Format

Send to

Choose Destination
Calcif Tissue Int. 2016 Aug;99(2):209-23. doi: 10.1007/s00223-016-0140-8. Epub 2016 Apr 13.

In Vivo Bone Formation Within Engineered Hydroxyapatite Scaffolds in a Sheep Model.

Author information

1
Cell and Tissue Engineering Laboratory, IRCCS Galeazzi Orthopaedic Institute, Milan, Italy.
2
Mouse and Animal Pathology Laboratory, Fondazione Filarete, Milan, Italy.
3
Dipartimento di Elettronica, Informazione e Bioingegneria (DEIB), Politecnico di Milano, Milan, Italy.
4
Department of Veterinary Sciences and Public Health, University of Milan, Milan, Italy.
5
Cell and Tissue Engineering Laboratory, IRCCS Galeazzi Orthopaedic Institute, Milan, Italy. matteo.moretti@grupposandonato.it.
6
Regenerative Medicine Technologies Lab, Ente Ospedaliero Cantonale (EOC), Lugano, Switzerland. matteo.moretti@grupposandonato.it.
7
Swiss Institute of Regenerative Medicine (SIRM), Lugano, Switzerland. matteo.moretti@grupposandonato.it.
8
Fondazione Cardiocentro Ticino, Lugano, Switzerland. matteo.moretti@grupposandonato.it.

Abstract

Large bone defects still represent a major burden in orthopedics, requiring bone-graft implantation to promote the bone repair. Along with autografts that currently represent the gold standard for complicated fracture repair, the bone tissue engineering offers a promising alternative strategy combining bone-graft substitutes with osteoprogenitor cells able to support the bone tissue ingrowth within the implant. Hence, the optimization of cell loading and distribution within osteoconductive scaffolds is mandatory to support a successful bone formation within the scaffold pores. With this purpose, we engineered constructs by seeding and culturing autologous, osteodifferentiated bone marrow mesenchymal stem cells within hydroxyapatite (HA)-based grafts by means of a perfusion bioreactor to enhance the in vivo implant-bone osseointegration in an ovine model. Specifically, we compared the engineered constructs in two different anatomical bone sites, tibia, and femur, compared with cell-free or static cell-loaded scaffolds. After 2 and 4 months, the bone formation and the scaffold osseointegration were assessed by micro-CT and histological analyses. The results demonstrated the capability of the acellular HA-based grafts to determine an implant-bone osseointegration similar to that of statically or dynamically cultured grafts. Our study demonstrated that the tibia is characterized by a lower bone repair capability compared to femur, in which the contribution of transplanted cells is not crucial to enhance the bone-implant osseointegration. Indeed, only in tibia, the dynamic cell-loaded implants performed slightly better than the cell-free or static cell-loaded grafts, indicating that this is a valid approach to sustain the bone deposition and osseointegration in disadvantaged anatomical sites.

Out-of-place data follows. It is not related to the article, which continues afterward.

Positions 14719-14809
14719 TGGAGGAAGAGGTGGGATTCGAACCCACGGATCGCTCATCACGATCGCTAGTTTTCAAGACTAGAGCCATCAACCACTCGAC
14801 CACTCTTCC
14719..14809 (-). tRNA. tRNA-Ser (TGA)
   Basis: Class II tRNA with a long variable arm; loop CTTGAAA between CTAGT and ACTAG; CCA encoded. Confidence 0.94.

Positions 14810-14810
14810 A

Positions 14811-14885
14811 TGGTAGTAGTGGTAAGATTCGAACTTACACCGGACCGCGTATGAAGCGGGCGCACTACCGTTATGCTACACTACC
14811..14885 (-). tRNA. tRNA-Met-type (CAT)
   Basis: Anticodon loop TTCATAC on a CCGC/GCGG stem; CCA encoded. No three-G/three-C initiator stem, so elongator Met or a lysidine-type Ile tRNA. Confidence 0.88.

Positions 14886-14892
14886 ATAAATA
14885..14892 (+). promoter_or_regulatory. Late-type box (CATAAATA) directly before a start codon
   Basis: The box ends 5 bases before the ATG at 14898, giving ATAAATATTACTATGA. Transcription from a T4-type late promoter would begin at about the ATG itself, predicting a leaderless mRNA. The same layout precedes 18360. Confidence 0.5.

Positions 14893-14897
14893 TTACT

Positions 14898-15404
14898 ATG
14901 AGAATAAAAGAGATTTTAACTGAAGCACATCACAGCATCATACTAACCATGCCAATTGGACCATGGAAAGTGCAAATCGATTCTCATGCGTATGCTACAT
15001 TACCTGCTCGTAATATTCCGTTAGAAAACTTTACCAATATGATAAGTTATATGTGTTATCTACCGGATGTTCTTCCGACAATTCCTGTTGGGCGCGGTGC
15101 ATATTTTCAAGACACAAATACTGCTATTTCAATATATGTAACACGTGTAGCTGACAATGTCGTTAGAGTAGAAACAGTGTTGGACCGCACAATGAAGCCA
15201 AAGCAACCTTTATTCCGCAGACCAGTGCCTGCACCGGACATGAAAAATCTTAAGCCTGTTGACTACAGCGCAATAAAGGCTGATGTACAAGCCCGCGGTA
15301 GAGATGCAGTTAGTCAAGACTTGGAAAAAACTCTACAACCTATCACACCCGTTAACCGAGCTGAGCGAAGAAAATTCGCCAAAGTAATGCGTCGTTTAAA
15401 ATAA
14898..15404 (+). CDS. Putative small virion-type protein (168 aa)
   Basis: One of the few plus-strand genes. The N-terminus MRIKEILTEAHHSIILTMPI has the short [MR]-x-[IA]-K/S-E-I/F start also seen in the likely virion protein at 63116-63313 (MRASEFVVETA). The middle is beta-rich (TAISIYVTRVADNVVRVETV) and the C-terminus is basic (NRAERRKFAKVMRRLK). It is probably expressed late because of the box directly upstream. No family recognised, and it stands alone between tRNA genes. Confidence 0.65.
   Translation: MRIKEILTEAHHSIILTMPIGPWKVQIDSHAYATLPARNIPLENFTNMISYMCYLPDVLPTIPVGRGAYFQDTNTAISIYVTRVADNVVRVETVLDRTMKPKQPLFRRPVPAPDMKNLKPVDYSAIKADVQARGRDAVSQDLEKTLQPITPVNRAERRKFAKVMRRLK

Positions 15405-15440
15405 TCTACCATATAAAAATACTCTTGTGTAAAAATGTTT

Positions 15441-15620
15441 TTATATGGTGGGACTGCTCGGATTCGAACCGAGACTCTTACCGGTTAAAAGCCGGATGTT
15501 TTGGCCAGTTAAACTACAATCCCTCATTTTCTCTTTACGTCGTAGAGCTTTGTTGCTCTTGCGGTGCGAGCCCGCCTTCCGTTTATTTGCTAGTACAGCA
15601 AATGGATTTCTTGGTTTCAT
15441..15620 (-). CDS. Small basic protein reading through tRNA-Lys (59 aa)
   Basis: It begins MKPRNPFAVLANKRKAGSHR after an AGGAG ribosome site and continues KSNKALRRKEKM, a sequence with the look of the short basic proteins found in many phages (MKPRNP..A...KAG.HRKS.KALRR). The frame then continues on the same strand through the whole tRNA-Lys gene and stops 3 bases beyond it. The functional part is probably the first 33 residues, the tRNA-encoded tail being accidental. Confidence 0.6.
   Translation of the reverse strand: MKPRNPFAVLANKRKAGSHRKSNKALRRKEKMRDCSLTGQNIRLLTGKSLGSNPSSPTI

KEYWORDS:

Bone graft; Dynamic culture; Femur; Mesenchymal stem cells; Ovine model; Tibia

PMID:
27075029
DOI:
10.1007/s00223-016-0140-8
[Indexed for MEDLINE]

Supplemental Content

Full text links

Icon for Springer
Loading ...
Support Center